Since the early 1990s Bugge Wesseltoft (his first name is conveniently pronounced Boogie) has made an impressive, truly post-modern transition from the Nordic jazz traditions exemplified by the ECM record label, to forming his own label Jazzland in 1996, a label created by Bugge to release his own recordings, but it quickly grew beyond this initial premise; Jazzland soon hosted many emerging jazz groups which tread the fine balance between jazz and electronics. Wesseltoft shares his vision of music and inspiration, and gives Kyiv audiences a taste of what they can expect at the gig.

Lets start from the beginning of your career youre a self-educated musician how did you manage to do that? Who helped you? When did you understand music is what you wanted to do in life?
My father is a guitarist and I believed from an early age I learned by listening to him. I played the piano from the age of two but always just by myself, by ear, without teacher or music scores. After spending most of my youth listening and paying music I decided at age 19 to become a musician.

You first played with rock and punk bands, later switched to jazz how did that happen?
I have always had a great interest in music, all kinds of music. So its natural for me to take inspirations from various sources. However the improvisation part is important to me, I dont like being constrained, and whatever style I try to do I will always incorporate improvisation, which may also be called jazz.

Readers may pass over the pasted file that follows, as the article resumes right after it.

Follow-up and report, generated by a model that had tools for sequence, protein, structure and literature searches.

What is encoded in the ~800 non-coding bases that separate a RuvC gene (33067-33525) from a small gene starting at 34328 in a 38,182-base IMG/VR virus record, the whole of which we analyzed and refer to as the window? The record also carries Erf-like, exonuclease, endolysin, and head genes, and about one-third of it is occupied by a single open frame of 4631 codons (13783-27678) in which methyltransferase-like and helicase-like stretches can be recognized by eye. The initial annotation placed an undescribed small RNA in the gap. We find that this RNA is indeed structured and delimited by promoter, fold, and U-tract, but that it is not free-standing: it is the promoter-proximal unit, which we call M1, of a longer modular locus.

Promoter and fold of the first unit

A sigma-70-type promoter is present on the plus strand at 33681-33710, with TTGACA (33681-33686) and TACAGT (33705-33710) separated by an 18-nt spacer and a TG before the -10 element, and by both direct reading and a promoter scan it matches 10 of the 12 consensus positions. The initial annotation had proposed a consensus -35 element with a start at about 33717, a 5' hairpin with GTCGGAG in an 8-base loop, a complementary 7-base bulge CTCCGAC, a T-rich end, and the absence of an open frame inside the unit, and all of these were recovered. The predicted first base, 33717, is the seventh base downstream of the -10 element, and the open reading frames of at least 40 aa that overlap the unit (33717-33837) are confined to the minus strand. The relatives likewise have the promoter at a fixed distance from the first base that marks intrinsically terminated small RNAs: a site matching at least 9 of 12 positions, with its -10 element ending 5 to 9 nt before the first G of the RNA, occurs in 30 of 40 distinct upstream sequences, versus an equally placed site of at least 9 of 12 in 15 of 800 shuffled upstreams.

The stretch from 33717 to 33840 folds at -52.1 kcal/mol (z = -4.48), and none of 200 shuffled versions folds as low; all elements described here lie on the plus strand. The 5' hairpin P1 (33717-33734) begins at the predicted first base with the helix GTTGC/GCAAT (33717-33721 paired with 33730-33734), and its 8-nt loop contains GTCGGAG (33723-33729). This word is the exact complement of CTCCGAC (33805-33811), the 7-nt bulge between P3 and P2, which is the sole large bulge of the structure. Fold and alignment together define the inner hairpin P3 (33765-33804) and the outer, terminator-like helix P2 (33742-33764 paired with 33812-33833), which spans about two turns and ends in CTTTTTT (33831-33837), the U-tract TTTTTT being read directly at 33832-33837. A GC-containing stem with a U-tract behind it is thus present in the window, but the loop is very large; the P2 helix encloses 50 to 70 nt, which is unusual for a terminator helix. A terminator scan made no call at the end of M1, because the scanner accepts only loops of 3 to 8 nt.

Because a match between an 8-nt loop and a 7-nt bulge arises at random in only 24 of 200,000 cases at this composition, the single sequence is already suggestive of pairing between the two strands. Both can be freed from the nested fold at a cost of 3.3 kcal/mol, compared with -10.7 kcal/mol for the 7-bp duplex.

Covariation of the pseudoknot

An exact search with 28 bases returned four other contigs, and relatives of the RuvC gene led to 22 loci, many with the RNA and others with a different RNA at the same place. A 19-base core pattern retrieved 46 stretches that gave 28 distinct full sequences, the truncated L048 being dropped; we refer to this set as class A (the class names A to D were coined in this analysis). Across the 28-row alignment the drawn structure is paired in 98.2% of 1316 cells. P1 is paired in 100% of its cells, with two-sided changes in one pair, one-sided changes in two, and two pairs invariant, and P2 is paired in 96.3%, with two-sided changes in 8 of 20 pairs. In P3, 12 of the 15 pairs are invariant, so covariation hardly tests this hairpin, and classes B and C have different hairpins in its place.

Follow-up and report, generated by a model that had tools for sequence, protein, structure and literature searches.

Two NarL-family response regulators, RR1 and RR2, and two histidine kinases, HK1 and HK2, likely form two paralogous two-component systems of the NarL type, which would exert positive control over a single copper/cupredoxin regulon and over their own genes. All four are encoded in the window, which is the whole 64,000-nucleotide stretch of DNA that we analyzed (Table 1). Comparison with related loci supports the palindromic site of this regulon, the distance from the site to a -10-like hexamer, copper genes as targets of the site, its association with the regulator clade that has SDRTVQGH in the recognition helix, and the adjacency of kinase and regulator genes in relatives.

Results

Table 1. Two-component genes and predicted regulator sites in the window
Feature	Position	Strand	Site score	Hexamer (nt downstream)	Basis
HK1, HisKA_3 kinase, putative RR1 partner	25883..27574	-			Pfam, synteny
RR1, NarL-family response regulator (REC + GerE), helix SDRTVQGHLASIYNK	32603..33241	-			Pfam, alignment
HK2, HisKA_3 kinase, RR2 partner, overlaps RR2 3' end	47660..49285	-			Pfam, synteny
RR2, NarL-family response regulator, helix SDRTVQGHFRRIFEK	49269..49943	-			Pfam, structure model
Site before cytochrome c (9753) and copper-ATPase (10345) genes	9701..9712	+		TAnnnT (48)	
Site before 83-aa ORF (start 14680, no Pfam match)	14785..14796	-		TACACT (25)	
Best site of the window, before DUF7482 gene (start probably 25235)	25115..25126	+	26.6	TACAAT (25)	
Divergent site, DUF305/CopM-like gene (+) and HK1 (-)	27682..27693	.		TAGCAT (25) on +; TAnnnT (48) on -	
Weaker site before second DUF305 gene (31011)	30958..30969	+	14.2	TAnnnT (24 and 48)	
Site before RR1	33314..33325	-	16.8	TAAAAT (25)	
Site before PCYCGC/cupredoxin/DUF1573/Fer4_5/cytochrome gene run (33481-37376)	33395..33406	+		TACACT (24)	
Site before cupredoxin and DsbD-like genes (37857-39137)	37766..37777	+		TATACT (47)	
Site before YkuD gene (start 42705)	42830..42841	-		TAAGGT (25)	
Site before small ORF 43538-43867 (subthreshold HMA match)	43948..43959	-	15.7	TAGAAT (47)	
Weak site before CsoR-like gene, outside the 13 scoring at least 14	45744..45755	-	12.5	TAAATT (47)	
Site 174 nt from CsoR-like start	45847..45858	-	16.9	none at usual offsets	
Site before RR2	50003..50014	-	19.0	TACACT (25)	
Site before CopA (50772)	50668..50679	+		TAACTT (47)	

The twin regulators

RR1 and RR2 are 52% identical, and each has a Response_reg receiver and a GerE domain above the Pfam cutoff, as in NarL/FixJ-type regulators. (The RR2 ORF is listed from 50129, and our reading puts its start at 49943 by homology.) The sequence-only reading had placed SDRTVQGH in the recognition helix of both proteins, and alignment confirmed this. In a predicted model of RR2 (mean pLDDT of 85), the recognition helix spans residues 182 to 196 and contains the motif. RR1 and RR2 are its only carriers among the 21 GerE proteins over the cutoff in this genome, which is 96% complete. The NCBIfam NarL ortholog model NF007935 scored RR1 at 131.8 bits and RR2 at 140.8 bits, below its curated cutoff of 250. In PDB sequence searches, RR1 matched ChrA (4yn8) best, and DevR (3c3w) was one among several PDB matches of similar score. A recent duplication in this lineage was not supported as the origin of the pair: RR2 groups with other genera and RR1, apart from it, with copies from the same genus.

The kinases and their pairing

You inject your form of jazz with electronica do you think jazz in its pure form is not of interest anymore?
The idea of jazz is and will always be interesting because its the nature of jazz to fuse music together in a new way. I love this! Trying to play jazz like they did in the 40s, 50s or 60s is completely uninteresting to me.

Jazz music is much about improvisation and the interaction of the musician and the audience. Does this interaction/energy exchange at a concert matter to you?
Absolutely! This is the key in music! To create a conversation with your audience the special and unique thing with jazz is that every moment and concert is new to the audience, much different to classical music or rock, where most music presented live to an audience is already created and can easily turn into a playback.

What attracts you personally in the style of music you create? Why do you think people love it?
Im attracted by having lot of open ends and possibilities in my music. Both sound, groove and style wise. Being able to throw in any idea on the spot, also Im fascinated by using electronic elements in an improvising aspect. Finally its all about the energy I manage to create with the listeners.